Staying in a Good Mood; Drinking a Bit More

And: apples aren't supposed to be controversial

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Today in research: staying in a good mood, drinking a bit, mapping a land grab and more about apples.

  • Ways to not be an angry person: eat food and try not to get stressed out.  Got that? By following those straightforward, research-driven directives, you may get enough serotonin in your system, which helps curb aggression. That's what we learned, anyway, from a study published by Cambridge University researchers that's being touted as the first "to show how this chemical helps regulate behavior in the brain as well as why some individuals may be more prone to aggression." [Reuters]
  • We don't have a drinking problem, per se. But since World War II a meta-analysis of 31 alcohol studies finds a trend, loosely paraphrased as: every American generation drinks more than the last. Maybe that's why we've seen all those "moderate alcohol consumption is good for you" studies out there. [The Los Angeles Times]
  • Apples aren't supposed to be controversial. In its coverage of a study that linked eating apples to avoiding a stroke, The New York Times explains that the "findings counter the widespread belief that the most healthful fruits and vegetables are those that come in deep, rich colors inside and out." That may be a widespread belief, but we've also never heard apples left out from the list of things that are good for you. Until that odd apple juice inquiry we heard about yesterday, that is. [The New York Times]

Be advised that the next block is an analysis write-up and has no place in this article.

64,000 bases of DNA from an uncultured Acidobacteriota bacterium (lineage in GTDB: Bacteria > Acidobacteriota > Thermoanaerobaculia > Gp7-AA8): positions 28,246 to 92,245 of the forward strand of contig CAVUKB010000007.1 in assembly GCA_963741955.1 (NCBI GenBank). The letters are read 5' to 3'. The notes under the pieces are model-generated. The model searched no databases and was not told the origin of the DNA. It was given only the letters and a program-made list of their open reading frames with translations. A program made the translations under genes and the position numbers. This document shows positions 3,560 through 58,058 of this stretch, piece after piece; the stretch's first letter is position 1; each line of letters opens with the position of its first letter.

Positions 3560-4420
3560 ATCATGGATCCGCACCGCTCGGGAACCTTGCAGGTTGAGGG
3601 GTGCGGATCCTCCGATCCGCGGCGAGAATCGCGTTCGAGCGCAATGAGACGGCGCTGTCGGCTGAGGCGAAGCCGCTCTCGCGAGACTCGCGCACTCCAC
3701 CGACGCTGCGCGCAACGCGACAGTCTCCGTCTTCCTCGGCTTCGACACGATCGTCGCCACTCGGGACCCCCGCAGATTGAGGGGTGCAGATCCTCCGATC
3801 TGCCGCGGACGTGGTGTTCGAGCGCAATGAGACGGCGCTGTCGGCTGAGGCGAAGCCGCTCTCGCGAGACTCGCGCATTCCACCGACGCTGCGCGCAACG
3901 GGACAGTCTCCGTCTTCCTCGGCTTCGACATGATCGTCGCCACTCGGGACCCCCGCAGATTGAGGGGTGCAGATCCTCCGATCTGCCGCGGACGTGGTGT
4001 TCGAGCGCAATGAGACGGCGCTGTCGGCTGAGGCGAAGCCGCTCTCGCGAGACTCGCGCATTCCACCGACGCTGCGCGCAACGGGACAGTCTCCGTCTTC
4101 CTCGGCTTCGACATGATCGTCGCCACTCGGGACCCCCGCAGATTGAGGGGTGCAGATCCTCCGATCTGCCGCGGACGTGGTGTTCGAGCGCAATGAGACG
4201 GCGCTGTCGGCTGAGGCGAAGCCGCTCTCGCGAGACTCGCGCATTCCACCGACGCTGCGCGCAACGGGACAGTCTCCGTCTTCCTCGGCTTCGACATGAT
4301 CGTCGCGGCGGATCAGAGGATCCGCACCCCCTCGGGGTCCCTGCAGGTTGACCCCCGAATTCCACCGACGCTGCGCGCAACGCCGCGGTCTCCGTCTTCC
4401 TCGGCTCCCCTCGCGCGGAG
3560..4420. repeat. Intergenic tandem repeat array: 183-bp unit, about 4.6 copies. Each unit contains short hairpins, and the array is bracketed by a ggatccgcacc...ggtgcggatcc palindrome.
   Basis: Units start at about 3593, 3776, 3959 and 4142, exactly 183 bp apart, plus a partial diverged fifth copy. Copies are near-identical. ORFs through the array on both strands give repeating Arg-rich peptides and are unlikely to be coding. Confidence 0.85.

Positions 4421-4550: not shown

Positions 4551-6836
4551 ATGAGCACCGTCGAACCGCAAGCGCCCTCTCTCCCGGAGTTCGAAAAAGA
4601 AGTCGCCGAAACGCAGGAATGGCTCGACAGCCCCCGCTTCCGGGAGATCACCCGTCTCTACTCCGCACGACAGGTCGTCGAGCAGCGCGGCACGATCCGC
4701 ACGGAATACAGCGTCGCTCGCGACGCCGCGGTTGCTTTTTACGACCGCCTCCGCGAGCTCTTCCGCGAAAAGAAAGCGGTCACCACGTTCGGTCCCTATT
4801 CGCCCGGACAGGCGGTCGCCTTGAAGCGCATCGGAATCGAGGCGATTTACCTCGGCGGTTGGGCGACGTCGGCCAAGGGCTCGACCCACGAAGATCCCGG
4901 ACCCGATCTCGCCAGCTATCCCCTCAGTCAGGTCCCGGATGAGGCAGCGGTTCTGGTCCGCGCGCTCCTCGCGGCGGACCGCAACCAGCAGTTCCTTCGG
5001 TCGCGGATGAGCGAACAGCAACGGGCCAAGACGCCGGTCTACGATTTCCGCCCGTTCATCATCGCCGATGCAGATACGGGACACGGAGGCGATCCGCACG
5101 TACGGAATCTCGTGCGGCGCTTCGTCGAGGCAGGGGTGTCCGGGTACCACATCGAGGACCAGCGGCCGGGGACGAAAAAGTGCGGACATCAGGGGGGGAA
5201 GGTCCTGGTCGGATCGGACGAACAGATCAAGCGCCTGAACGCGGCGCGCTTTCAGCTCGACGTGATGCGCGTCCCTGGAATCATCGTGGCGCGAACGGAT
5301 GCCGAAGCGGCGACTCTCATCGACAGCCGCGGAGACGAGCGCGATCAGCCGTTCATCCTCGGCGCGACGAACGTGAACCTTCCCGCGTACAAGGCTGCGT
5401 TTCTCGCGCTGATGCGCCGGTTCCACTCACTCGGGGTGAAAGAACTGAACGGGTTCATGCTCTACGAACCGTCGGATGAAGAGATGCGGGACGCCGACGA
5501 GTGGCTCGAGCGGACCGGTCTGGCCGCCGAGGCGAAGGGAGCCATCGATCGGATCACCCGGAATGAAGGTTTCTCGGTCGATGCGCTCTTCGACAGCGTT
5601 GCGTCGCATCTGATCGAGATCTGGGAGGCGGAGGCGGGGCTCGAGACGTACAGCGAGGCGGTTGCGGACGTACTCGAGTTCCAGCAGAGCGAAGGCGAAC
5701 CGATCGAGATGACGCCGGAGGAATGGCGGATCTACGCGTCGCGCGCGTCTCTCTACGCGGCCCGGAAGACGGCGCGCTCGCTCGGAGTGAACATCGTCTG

• Researchers peer into the future and see a lot of urban sprawl.  A meta-analysis of 326 studies mapping urban land conversion also included this theoretical model for what the next 20 years will bring: "by 2030, urbanized land worldwide will grow by 590,000 square miles--more than twice the size of Texas, or about the size of Mongolia," goes the prediction, according to the press release. That's a big chunk of land. [Eurekalert, PLOS One]
  • Add this to the list of things nice guys have to do. We wonder about the methodology of these types of widely-covered studies that claim to know what women find desirable, but anyway, from CBS News: "Evidence suggests that deep voices are more likely than high-pitched voices to be associated with emotional warmth and other highly desirable traits, according to the researchers." The idea is a little stale: Jezebel made fun of a similar study ages ago. [CBS News]
This article is from the archive of our partner The Wire.